As per the amendments and the concept of materiality, an accounting policy information is material if, when considered together with other information included in the financial statements, it can reasonably be expected to influence decisions that the primary users make. Accounting policy information would rarely be assessed as material when considered in isolation since accounting policy information on its own is unlikely to influence decisions that the primary users make based on the financial statements.

In this assessment, entities need to consider both the size of the transactions, other events or conditions and the nature of them. This assessment involves judgement and requires consideration of both qualitative and quantitative factors and could result in additional discussion and consideration by management. 

Diagram 2 of the PS, presented below, illustrates how entities should incorporate the different factors in the assessment of the materiality and apply judgment.

Diagram 2—determining whether accounting policy information is material (here)

Although a transaction, other event or condition to which the accounting policy information may be material, it does not necessarily mean that the corresponding accounting policy information is material to the entity’s financial statements. On the other hand, the amended IAS 1 highlights that, other disclosures required by IFRS may be material despite the corresponding accounting policy information being immaterial. The amendments do not relieve an entity from other disclosure requirements within IFRS literature. For example, if an entity determined that accounting policy information for income taxes is immaterial to the financial statements, other disclosures required by IAS 12 Income taxes may be material.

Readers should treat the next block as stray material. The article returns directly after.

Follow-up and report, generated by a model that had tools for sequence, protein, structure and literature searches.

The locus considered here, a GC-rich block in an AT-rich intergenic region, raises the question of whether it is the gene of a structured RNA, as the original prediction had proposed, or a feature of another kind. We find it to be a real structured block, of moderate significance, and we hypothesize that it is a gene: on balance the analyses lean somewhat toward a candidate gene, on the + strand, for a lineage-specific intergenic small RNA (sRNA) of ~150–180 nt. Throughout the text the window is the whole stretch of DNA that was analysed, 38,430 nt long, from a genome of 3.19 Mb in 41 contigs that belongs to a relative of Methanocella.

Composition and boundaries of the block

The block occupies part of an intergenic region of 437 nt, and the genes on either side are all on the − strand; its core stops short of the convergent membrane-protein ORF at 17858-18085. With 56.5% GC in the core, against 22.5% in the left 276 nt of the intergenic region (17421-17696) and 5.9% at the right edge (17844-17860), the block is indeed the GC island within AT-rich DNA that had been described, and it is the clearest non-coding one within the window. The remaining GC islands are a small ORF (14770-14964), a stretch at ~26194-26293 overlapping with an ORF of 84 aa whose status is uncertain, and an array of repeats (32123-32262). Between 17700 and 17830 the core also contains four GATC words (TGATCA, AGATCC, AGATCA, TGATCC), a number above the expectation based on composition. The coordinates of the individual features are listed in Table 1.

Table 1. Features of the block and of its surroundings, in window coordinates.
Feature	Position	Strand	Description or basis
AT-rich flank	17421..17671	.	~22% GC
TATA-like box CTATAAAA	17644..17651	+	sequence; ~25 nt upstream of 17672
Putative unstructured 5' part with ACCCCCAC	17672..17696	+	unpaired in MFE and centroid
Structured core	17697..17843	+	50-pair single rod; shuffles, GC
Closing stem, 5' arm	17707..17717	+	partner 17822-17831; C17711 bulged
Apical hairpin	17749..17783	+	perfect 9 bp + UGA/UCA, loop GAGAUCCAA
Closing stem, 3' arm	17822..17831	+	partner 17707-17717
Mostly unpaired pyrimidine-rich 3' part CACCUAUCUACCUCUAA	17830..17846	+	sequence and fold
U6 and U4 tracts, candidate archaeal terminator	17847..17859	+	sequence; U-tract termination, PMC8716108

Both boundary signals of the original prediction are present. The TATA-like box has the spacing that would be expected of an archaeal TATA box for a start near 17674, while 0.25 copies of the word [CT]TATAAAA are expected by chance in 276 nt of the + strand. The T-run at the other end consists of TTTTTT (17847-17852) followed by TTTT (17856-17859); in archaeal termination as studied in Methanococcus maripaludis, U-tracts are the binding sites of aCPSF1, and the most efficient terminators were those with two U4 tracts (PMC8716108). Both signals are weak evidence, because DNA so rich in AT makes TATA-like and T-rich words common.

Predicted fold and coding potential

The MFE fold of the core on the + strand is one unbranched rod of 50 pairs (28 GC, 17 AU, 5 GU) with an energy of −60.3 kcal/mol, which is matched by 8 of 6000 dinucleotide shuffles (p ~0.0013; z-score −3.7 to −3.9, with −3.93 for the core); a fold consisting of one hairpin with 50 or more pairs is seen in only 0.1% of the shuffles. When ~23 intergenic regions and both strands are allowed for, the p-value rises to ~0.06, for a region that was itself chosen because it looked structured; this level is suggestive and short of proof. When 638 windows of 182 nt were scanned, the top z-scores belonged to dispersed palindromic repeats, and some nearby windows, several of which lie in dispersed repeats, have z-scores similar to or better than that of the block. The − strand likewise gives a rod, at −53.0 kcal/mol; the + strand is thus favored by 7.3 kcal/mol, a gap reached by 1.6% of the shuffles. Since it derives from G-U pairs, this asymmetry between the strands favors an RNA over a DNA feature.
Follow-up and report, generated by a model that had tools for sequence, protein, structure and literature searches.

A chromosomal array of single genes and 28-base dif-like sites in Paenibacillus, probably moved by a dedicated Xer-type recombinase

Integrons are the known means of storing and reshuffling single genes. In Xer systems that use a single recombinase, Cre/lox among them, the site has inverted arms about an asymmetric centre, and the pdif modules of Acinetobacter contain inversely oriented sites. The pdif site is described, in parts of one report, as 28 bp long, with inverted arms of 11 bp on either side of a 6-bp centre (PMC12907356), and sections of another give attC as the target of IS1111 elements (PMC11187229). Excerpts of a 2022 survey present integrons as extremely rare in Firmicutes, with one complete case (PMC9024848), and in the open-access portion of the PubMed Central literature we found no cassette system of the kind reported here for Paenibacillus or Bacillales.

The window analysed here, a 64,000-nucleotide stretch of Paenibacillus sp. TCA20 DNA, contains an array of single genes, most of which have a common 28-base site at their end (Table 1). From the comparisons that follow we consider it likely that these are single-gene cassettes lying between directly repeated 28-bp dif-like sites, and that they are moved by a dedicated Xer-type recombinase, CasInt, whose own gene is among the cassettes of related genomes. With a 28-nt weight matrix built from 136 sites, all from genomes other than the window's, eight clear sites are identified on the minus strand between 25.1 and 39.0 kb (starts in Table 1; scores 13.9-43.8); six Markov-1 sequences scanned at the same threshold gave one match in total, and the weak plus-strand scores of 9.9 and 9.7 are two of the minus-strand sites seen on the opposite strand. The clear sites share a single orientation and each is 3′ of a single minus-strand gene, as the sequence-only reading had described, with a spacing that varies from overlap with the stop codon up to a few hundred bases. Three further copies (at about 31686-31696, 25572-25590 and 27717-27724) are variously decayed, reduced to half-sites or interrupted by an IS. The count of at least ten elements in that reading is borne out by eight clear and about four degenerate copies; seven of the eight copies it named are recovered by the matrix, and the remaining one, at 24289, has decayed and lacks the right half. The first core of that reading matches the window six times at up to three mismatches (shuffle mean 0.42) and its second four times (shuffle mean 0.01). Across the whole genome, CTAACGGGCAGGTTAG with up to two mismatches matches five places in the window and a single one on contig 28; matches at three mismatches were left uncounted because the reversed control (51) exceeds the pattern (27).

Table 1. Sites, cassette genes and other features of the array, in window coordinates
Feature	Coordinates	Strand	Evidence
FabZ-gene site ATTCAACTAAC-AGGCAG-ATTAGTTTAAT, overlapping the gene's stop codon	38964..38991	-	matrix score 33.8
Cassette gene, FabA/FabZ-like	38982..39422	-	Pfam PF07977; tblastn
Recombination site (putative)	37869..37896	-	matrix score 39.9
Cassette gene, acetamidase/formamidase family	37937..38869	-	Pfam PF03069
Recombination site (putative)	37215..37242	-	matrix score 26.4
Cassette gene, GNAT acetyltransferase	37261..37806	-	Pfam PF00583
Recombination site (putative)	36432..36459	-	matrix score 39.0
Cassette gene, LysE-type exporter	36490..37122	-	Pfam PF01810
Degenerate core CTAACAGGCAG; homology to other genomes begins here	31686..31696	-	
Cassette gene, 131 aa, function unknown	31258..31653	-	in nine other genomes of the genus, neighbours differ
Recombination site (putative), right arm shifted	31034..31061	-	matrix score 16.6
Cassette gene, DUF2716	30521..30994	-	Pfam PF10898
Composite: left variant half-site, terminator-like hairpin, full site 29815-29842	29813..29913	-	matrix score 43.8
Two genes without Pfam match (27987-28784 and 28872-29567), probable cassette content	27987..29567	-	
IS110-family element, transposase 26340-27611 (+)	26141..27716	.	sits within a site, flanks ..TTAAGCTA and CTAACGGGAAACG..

In addition, it’s important to note that the amended standard implicitly acknowledges that is not prohibitive disclosing immaterial accounting policies, although it is not required. If the entity decides so, it needs to ensure that this immaterial information does not obscure material information. The Board noted that standardised information could be, sometimes, material in specific circumstances.

The Shift

As previously mentioned, the general idea and aim by the Board with the latest amendments is the shift to a more entity-specific information in the financial statements rather than standardised information. For some this will “shake” their financial reporting. It’s admittable that is more valuable and useful to provide information that reflects an entity’s own specific circumstances, rather than repeating what the thousands of pages of IFRS literature. Primary users are considered to have a reasonable knowledge of business and economic activities and to review and analyse the information included in the financial statements diligently, therefore the material and entity specific information is more relevant and therefore more influential, even if they are lesser than what it used to be before the amendments. As the Former President of the European Commission said, Mr. Jean-Clause Juncker, ''sought to be big on big issues and small on the small ones''.